5. Scott, another close friend who I admire like Eric for his pursuit of this balance, wrote: “If I were to maybe nuance your call for holiness I would say that what the church needs (apart from any corrective pendulum swings) is tried and proven holiness… Milton wrote in Areopagitica that he ‘could not praise a fugitive and cloistered virtue.'”  I completely agree.  But I think it’s important to ask ourselves why we don’t feel exhorted to mission when we hear a call to holiness.  Does the word “holiness” by definition exclude mission?  How does the word “holiness” mean anything other than “tried and proven holiness”?  I think we should choose another word for “untried and unproven holiness.”  Something like “hermetry” or maybe “hypocrisy” if it’s bad enough.  I want to reclaim the word “holiness” so that it inherently excludes “a fugitive and cloistered virtue” and includes mission.  This may be what Scott’s getting at, but I want to highlight it and amplify it.  If holiness for God’s people means being like God, and if God’s character expresses itself comprehensively in his mission to reach and redeem his people and his world through Christ, then God’s very character includes mission as a central pursuit.  So biblical holiness is missional to its very foundations.  Don’t let the Pharisees define what it means to be holy.  Let Jesus.  Because in Jesus Christ the incarnate Son of God, we see God’s holy and missional character most clearly.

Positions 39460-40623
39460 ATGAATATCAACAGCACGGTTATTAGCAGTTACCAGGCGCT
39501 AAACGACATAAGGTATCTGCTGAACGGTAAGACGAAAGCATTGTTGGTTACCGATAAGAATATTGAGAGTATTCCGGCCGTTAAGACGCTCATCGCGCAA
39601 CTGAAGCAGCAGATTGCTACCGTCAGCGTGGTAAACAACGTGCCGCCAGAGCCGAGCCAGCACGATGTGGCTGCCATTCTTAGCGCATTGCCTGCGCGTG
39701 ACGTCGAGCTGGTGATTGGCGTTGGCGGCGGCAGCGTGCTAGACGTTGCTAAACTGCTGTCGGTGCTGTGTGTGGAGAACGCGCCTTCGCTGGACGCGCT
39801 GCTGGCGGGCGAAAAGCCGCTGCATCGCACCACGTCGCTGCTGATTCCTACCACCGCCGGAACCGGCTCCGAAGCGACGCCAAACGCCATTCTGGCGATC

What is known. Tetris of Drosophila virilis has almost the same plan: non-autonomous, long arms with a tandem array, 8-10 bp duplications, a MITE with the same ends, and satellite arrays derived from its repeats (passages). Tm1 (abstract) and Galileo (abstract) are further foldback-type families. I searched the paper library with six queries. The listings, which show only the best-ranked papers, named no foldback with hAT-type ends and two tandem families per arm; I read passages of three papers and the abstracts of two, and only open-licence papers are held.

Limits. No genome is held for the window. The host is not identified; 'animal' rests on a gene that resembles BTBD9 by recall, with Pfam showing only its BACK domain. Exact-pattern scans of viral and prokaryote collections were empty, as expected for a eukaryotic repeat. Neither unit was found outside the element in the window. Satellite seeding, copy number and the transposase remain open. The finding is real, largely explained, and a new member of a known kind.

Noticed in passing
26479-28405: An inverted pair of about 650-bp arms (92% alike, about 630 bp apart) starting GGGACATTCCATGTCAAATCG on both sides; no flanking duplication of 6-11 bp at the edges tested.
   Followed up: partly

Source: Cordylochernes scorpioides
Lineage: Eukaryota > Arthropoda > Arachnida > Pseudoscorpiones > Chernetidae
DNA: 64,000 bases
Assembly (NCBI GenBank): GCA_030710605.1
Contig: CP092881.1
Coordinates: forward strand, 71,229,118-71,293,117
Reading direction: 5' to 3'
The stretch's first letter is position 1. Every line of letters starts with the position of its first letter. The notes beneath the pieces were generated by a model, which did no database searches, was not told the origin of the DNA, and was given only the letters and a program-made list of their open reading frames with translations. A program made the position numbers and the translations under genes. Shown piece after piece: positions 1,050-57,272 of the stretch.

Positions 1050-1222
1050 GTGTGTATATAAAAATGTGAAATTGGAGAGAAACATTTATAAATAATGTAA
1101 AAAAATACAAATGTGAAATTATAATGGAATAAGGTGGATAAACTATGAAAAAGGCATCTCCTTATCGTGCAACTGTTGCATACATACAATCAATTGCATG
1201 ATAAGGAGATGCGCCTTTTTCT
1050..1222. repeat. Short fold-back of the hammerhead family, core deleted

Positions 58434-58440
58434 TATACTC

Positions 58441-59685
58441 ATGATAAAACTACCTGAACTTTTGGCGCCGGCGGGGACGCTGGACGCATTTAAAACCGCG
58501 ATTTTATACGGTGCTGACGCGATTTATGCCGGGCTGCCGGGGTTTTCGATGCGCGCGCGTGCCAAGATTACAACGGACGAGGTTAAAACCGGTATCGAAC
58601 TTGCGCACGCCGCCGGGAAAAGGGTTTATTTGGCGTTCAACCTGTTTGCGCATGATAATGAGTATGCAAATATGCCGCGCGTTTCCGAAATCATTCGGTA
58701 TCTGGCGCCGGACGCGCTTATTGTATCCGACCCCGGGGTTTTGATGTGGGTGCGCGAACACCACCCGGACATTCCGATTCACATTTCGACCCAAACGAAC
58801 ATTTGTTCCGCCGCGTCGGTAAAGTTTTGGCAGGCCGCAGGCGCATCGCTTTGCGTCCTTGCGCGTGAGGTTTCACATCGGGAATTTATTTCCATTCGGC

6. As I said at the beginning of the last post, the contemporary emphasis on cultural engagement is a welcomed emphasis.  But I think we need to work harder at defining what we mean when we say “engaging with culture.”  One danger is that in the midst of all our talk about culture, we forget to emphasize people.  I believe that sometimes our fascination with “culture” can turn into a fleshly means of self-protection, another way to keep ourselves insulated from the real-life people around us while feeling like we’re being missional because we’re talking about some aspect of mission.  In the same way that we decry “ivory tower theologians” who are out of touch with people, we ought to decry ourselves when our discussions about cultural engagement only become means to satisfy our intellectual lust and consume our time so that we can avoid opportunities to actually engage with the culture.  Too much talk about culture without a love for people creates a culture-centered mission where we start to think that our end goal is to understand our culture instead of to reach the very people who are the objects of God’s loving mission.  Culture and people are not the same thing.  We are to engage with both, but these engagements are different.  We engage cultural norms and values because we are trying to reach the people in that culture, not just for intellectual and missional kicks.